Related: How to give consequences that really work.
- Drug or Alcohol Use: The first step here is to know the warning signs of substance abuse and stay aware of the current trends in the teen realm. www.drugfree.org is a great resource you might look into and visit regularly. If you have any reason to be suspicious, let the checking up begin! This might mean that you search your child’s belongings to see if they are in possession of anything that might confirm your suspicions. You might also call the parent of the friend they were with to see if they were really there and what kind of supervision they had.
We advise more checking-up on your child when drugs or alcohol are involved because is a serious safety issue, and the mind-altering effect these substances have can be very difficult to overcome if you don’t respond early. If your child is using drugs or alcohol, we recommend that you find a local adolescent substance abuse counselor to consult with and restrict some privileges by giving an earlier curfew, reducing the amount of money you give your child, and restricting (or taking away) driving privileges.
Related: Parenting a child with a substance abuse problem?
- Social Influences: It’s important to get to know your child’s friends. Rather than always letting your child go to her friend’s house, require her to have her friend over to your house once in a while. This will help you get a feel for the other kid’s interests and character, as well as the dynamic between her and your child. For example, is your child the follower, or does she operate on level ground with her friend?
If you become suspicious that your child is making poor decisions when she’s with a certain friend, we recommend talking to her about what she can do differently next time. Institute a period of restricted contact—the friend comes over to your house for increasingly longer times at an increasing frequency as long as the kids make good choices together. This encourages your child to think about her choices and practice making better ones. Ultimately, your child is responsible for her own behavior. To blame the other child for your child’s poor choices is a cop-out. Remember, to those other parents, your child may be the “bad influence.”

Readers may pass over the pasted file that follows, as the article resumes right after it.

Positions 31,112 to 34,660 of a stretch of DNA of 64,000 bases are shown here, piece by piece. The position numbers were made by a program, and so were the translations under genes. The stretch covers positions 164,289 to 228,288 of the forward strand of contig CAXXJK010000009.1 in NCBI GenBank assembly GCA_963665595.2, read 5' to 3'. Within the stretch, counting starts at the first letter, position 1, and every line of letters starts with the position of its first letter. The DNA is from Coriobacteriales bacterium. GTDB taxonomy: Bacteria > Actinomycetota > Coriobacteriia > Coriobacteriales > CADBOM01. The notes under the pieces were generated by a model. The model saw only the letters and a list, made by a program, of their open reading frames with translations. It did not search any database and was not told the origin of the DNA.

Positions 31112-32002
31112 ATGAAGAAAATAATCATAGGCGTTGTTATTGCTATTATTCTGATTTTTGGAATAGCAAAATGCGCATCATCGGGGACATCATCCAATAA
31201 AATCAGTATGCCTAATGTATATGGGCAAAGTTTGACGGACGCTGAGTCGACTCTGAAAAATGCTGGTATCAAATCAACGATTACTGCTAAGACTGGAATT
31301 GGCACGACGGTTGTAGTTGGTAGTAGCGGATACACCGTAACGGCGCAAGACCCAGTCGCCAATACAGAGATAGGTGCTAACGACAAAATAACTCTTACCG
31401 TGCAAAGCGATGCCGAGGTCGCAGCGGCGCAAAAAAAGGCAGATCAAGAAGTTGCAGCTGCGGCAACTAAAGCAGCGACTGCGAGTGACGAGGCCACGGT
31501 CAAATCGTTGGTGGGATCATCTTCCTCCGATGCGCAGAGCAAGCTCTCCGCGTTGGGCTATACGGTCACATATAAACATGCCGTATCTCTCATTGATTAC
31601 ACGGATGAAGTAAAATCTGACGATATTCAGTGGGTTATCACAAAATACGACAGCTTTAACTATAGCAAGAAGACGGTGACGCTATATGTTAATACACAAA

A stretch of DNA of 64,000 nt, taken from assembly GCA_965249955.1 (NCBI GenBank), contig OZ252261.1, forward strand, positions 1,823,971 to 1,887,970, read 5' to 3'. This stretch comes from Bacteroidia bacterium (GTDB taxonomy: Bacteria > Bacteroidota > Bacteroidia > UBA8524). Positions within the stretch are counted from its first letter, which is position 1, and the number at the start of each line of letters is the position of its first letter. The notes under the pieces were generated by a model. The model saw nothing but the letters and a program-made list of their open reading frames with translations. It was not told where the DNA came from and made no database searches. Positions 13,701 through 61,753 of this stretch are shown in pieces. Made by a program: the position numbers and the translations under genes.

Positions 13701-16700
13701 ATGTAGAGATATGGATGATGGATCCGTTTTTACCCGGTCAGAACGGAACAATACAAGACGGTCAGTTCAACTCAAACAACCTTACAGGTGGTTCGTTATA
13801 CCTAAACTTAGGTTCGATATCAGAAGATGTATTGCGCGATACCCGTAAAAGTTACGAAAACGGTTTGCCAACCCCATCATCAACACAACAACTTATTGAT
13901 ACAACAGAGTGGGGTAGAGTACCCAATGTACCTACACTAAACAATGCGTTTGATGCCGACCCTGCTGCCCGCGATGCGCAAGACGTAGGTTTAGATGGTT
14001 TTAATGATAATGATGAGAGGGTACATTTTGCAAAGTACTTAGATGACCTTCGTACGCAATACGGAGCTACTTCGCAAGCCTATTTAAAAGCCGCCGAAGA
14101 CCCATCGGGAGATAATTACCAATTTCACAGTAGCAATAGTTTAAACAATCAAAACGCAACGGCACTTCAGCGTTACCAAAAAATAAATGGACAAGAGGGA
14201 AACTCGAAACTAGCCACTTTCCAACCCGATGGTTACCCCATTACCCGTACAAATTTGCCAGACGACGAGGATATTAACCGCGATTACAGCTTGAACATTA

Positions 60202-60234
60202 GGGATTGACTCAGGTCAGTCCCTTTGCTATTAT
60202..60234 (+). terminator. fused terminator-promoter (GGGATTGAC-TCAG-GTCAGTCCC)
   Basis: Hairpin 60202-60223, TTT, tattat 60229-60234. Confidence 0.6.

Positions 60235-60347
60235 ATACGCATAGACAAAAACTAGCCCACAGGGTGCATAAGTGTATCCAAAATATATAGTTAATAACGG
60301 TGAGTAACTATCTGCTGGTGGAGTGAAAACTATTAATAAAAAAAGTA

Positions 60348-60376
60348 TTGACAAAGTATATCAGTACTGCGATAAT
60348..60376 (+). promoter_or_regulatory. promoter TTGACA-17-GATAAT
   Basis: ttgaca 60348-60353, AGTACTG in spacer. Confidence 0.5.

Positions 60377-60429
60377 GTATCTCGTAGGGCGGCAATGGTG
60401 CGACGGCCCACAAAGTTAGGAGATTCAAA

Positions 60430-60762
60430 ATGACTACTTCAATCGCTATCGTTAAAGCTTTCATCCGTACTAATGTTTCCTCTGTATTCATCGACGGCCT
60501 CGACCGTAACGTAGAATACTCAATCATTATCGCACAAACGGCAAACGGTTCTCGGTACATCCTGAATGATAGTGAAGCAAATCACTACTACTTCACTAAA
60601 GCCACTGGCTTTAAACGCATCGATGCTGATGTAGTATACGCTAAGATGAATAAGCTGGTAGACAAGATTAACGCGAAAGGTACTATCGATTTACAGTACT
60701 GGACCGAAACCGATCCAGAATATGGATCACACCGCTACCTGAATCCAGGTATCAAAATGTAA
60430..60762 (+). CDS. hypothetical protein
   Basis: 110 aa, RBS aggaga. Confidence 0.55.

Whenever possible, you should talk to your child ahead of time and let him or her know that you will be checking up on them. For example, the very first day you buy them a cell phone, let your teen or pre-teen know it’s subject to random checks by you. Sit down and talk about the rules. If you see an issue starting—let’s say you catch your son texting at 1 a.m., even though the phone is supposed to be off by 9 p.m.—have a problem-solving discussion with him. Let him know what you see happening, ask him what his reasoning is, restate your rules and expectations, and inform him of the consequence he will receive if it happens again. Anytime you increase the amount you check up on your child, let him know exactly what behavior you need to see from him in order to feel comfortable giving back some freedom and privacy. This will motivate your child to practice making better choices—and will help him become more responsible in the long run.
Related: How to raise responsible kids.
Coaching kids helps them develop the skills to make better choices on their own; letting them know what will happen next time helps them to make an informed decision. This also sets your child up to succeed rather than to fail.